The flashbacks of the times she failed or was knocked down hinted that she was failing because she was not as good as the men. However, nowhere in the film is this ever explicitly stated, which to me, is a problem. It’s as if Marvel dances around the topic without ever fully bringing it into the spotlight. Why, in your FIRST female-led film, would you not blatantly address this? Sure, there are a couple moments where the film frowns on sexism, such as when a biker tells Carol she should smile then having her steal his bike or when Maria tells Carol that women weren’t allowed to fly combat in ‘89 and having them be some of the best damned pilots in the universe. But they’re half-assed and they’re not enough. I want Marvel to blatantly, in-your-face, on-the-nose, no-doubt-about-it SHOUT from the rooftops that sexism is stupid and they’re not going to stand for it. Having No Doubt’s “I’m Just a Girl” blaring while Captain Marvel single-handedly demolishes the entire Starforce unit was a nice touch, but Marvel can do better. One could argue that releasing this film period should be enough, but again, they can and should do more. They have the money, resources, support, and platform to do better, and they need to do it.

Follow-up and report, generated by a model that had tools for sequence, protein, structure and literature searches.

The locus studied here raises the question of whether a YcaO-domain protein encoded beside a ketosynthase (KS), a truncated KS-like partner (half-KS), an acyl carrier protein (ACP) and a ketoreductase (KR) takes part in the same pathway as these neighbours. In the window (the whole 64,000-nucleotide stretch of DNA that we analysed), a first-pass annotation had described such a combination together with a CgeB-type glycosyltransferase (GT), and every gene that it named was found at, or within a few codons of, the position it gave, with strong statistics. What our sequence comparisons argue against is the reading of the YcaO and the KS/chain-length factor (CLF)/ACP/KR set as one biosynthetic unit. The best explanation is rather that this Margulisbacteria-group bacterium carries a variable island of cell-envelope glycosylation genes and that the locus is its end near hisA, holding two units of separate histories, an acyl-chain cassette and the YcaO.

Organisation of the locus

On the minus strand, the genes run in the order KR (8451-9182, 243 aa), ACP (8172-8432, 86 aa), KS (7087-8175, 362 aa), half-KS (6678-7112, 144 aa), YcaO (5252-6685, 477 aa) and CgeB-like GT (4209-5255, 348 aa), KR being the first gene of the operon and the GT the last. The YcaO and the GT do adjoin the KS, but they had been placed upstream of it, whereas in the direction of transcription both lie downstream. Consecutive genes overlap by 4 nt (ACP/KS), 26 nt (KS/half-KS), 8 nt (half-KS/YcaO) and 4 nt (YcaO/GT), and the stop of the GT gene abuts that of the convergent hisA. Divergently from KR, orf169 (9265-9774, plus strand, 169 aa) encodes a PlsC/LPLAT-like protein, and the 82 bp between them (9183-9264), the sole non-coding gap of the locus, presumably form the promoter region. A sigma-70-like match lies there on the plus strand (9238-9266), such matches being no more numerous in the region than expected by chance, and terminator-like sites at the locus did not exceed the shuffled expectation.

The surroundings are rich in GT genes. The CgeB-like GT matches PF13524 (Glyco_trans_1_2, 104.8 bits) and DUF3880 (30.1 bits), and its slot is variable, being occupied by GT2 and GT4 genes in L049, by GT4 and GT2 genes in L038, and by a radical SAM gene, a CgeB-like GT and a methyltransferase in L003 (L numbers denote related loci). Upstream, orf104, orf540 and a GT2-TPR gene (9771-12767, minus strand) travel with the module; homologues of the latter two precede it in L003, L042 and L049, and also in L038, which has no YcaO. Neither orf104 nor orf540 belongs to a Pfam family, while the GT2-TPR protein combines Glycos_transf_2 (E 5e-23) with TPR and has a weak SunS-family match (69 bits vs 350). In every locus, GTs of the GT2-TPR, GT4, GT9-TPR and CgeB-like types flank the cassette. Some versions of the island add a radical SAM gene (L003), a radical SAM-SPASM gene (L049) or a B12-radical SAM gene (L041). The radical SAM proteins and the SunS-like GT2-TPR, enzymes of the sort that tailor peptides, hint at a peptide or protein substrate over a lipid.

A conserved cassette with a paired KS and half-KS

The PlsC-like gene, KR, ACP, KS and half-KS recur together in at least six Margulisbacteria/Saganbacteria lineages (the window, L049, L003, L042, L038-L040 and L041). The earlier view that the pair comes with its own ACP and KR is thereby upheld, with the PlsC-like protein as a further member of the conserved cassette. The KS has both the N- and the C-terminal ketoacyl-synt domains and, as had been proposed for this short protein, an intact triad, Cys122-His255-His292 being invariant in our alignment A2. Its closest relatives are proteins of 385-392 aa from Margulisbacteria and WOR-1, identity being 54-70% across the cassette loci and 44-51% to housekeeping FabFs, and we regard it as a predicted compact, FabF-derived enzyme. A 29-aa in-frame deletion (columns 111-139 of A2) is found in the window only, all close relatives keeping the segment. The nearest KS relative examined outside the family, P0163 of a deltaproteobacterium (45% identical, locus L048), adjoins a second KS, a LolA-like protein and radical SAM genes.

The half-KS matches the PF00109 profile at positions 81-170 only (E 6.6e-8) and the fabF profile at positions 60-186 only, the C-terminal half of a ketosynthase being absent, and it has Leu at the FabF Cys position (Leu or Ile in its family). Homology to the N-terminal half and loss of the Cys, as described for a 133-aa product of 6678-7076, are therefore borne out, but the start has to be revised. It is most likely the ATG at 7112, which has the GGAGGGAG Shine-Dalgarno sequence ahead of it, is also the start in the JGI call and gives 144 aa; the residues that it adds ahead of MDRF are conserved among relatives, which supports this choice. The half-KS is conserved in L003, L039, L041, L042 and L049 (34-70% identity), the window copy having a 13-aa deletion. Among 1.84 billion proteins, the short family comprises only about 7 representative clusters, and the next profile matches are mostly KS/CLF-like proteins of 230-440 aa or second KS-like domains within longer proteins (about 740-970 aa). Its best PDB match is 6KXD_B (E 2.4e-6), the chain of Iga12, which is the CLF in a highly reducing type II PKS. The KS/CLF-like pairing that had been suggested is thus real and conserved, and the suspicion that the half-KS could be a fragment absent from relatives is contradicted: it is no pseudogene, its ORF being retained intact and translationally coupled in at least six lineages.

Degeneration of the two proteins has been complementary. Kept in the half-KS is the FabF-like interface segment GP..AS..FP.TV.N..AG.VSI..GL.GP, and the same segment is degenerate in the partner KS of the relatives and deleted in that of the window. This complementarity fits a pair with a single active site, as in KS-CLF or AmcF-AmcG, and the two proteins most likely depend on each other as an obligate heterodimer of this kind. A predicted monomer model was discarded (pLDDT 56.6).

I acknowledge that for the character of Captain Marvel, this is a Phase One film and that introducing such an iconic character this late in the game probably took a lot of planning and finagling. If this film had actually been released during Phase One, I definitely wouldn’t have been so nit-picky. Because of this, I’m not judging the film as harshly as I did Infinity War. Despite the areas of the film that needed a bit more polish, I am excited to see her return in April for Avengers: End Game, and I can’t wait to see how Captain Marvel interacts with the other Avengers and Marvel characters. I just hope that with her return comes an improvement in the ways that her humanity, womanhood, and leadership capabilities are handled.
Captain Marvel is currently playing in theaters. Keep following Poor Man’s Spoiler for all of our coverage of the film, and check out our previous articles below.
Captain Marvel 101
Exploring the MCU in the 90’s
Captain Marvel: Spoiler-Free Review
Captain Marvel – A Feud That Shouldn’t Exist
Our Favorite Female Film Heroes
Goose the Cat
Supreme Intelligence: Explaining The Kree AI